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  1. Abstract

    In recent years, continuum-reverberation mapping involving high-cadence UV/optical monitoring campaigns of nearby active galactic nuclei has been used to infer the size of their accretion disks. One of the main results from these campaigns has been that in many cases the accretion disks appear too large, by a factor of 2–3, compared to standard models. Part of this may be due to diffuse continuum emission from the broad-line region (BLR), which is indicated by excess lags around the Balmer jump. Standard cross-correlation lag-analysis techniques are usually used to just recover the peak or centroid lag and cannot easily distinguish between reprocessing from the disk and BLR. However, frequency-resolved lag analysis, where the lag is determined at each Fourier frequency, has the potential to separate out reprocessing on different size scales. Here we present simulations to demonstrate the potential of this method and then apply a maximum-likelihood approach to determine frequency-resolved lags in NGC 5548. We find that the lags in NGC 5548 generally decrease smoothly with increasing frequency, and are not easily described by accretion-disk reprocessing alone. The standard cross-correlation lags are consistent with lags at frequencies lower than 0.1 day−1, indicating they are dominated from reprocessing at sizemore »scales greater than ∼10 light days. A combination of a more distant reprocessor, consistent with the BLR, along with a standard-sized accretion disk is more consistent with the observed lags than a larger disk alone.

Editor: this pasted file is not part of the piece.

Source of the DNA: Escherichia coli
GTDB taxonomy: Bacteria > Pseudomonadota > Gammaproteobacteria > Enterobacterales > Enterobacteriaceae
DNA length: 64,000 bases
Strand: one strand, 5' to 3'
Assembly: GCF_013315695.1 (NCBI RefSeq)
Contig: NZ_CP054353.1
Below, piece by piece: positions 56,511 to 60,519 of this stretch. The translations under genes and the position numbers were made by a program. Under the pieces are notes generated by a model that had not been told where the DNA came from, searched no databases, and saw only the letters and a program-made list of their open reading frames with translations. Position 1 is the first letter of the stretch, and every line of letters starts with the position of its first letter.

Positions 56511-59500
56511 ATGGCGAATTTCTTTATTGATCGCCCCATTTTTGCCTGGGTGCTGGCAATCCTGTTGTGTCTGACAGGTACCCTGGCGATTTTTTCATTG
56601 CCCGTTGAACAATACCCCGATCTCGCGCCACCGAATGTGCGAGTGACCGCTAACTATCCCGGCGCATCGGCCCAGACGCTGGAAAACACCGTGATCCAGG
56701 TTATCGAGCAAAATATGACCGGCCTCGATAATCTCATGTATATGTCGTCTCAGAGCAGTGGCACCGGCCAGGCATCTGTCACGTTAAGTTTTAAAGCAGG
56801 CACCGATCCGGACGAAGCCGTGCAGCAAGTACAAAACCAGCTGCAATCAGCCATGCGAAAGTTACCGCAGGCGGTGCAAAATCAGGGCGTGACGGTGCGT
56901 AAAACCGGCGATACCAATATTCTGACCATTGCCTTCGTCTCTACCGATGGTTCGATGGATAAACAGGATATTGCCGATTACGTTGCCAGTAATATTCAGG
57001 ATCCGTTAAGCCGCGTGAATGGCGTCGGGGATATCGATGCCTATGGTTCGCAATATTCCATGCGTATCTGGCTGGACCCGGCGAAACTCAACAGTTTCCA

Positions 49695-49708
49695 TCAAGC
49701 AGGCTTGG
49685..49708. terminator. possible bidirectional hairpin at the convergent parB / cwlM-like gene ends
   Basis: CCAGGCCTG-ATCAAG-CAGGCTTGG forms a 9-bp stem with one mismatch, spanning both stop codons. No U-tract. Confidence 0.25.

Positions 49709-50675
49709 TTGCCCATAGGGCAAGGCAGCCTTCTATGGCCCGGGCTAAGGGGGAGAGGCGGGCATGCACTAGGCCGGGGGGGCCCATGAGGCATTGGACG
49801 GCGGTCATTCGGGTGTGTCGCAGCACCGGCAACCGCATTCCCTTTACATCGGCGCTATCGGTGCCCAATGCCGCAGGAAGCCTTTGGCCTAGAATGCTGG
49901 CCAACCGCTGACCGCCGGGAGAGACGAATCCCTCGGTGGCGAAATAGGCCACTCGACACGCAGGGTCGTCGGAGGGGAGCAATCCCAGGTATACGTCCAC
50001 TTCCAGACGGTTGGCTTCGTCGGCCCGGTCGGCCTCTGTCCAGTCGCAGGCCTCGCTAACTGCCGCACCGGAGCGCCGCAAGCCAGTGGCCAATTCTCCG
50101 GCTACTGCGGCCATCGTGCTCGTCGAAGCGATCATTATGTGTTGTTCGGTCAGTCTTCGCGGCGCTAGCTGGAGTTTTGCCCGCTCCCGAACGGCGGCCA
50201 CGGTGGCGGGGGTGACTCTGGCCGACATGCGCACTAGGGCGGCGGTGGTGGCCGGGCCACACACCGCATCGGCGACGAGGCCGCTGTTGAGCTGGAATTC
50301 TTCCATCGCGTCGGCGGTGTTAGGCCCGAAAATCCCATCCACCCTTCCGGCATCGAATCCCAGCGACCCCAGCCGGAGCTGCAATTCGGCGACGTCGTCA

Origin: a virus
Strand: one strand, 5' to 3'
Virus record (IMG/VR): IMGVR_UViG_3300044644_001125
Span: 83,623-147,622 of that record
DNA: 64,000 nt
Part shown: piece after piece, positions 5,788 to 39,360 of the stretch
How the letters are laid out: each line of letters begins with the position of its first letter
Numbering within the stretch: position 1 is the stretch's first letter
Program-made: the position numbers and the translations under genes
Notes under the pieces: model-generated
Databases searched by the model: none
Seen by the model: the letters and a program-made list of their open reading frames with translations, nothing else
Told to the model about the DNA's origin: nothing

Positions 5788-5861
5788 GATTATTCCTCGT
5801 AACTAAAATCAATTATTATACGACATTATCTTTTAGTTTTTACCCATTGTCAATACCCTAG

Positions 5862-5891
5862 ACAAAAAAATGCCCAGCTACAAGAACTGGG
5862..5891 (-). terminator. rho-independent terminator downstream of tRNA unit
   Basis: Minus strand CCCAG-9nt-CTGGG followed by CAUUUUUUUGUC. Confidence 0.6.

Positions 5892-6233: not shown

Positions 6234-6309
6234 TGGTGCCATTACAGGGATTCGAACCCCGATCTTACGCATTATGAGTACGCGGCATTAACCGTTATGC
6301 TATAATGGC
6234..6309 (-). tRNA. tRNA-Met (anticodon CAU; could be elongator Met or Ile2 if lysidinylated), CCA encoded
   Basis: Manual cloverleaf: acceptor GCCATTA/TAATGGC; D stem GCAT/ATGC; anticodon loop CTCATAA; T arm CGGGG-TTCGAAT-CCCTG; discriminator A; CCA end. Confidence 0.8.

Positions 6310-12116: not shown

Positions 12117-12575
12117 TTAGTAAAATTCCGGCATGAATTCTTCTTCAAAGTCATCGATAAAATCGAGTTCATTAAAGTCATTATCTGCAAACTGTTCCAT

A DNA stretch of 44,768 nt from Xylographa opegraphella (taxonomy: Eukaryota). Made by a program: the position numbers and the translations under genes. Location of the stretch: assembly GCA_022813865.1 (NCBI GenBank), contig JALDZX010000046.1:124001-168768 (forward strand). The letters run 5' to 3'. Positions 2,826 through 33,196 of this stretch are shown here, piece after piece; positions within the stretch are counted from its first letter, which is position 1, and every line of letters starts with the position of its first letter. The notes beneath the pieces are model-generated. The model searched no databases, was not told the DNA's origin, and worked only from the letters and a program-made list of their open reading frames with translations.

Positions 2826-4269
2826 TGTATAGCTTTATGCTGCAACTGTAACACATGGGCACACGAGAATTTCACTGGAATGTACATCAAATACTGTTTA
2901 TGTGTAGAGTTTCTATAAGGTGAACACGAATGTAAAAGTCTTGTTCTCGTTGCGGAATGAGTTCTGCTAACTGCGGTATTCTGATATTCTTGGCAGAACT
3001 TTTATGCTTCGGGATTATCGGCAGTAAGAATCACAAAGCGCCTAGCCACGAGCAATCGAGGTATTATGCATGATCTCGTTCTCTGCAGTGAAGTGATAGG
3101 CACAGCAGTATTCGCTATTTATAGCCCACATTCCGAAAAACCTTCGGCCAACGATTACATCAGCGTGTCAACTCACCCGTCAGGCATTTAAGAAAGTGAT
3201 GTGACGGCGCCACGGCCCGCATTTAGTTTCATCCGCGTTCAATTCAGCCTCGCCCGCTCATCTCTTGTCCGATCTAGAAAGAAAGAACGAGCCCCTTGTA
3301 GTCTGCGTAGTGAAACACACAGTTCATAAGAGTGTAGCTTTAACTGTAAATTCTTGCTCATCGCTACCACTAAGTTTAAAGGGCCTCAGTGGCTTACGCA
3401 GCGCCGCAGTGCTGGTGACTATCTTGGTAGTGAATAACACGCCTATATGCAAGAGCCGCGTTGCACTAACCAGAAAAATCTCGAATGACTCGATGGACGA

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  2. ABSTRACT

    We have measured the wavelength-dependent lags between the X-ray, ultraviolet, and optical bands in the high-accretion rate ($L/L_{\rm Edd}\approx 40{{\ \rm per\ cent}}$) active galactic nucleus (AGN) Mrk 110 during two intensive monitoring campaigns in February and September 2019. After including the 2017 data published by Vincentelli et al., we divided the observations into three intervals with different X-ray luminosities. The first interval has the lowest X-ray luminosity and did not exhibit the U-band excess positive lag, or the X-ray excess negative lag that is seen in most AGNs. However, these excess lags are seen in the two subsequent intervals of higher X-ray luminosity. Although the data are limited, the excess lags appear to scale with X-ray luminosity. Our modelling shows that lags expected from reprocessing of X-rays by the accretion disc vary hardly at all with increasing luminosity. Therefore, as the U-band excess almost certainly arises from Balmer-continuum emission from the broad-line region (BLR), we attribute these lag changes to changes in the contribution from the BLR. The change is easily explained by the usual increase in the inner radius of the BLR with increasing ionizing luminosity.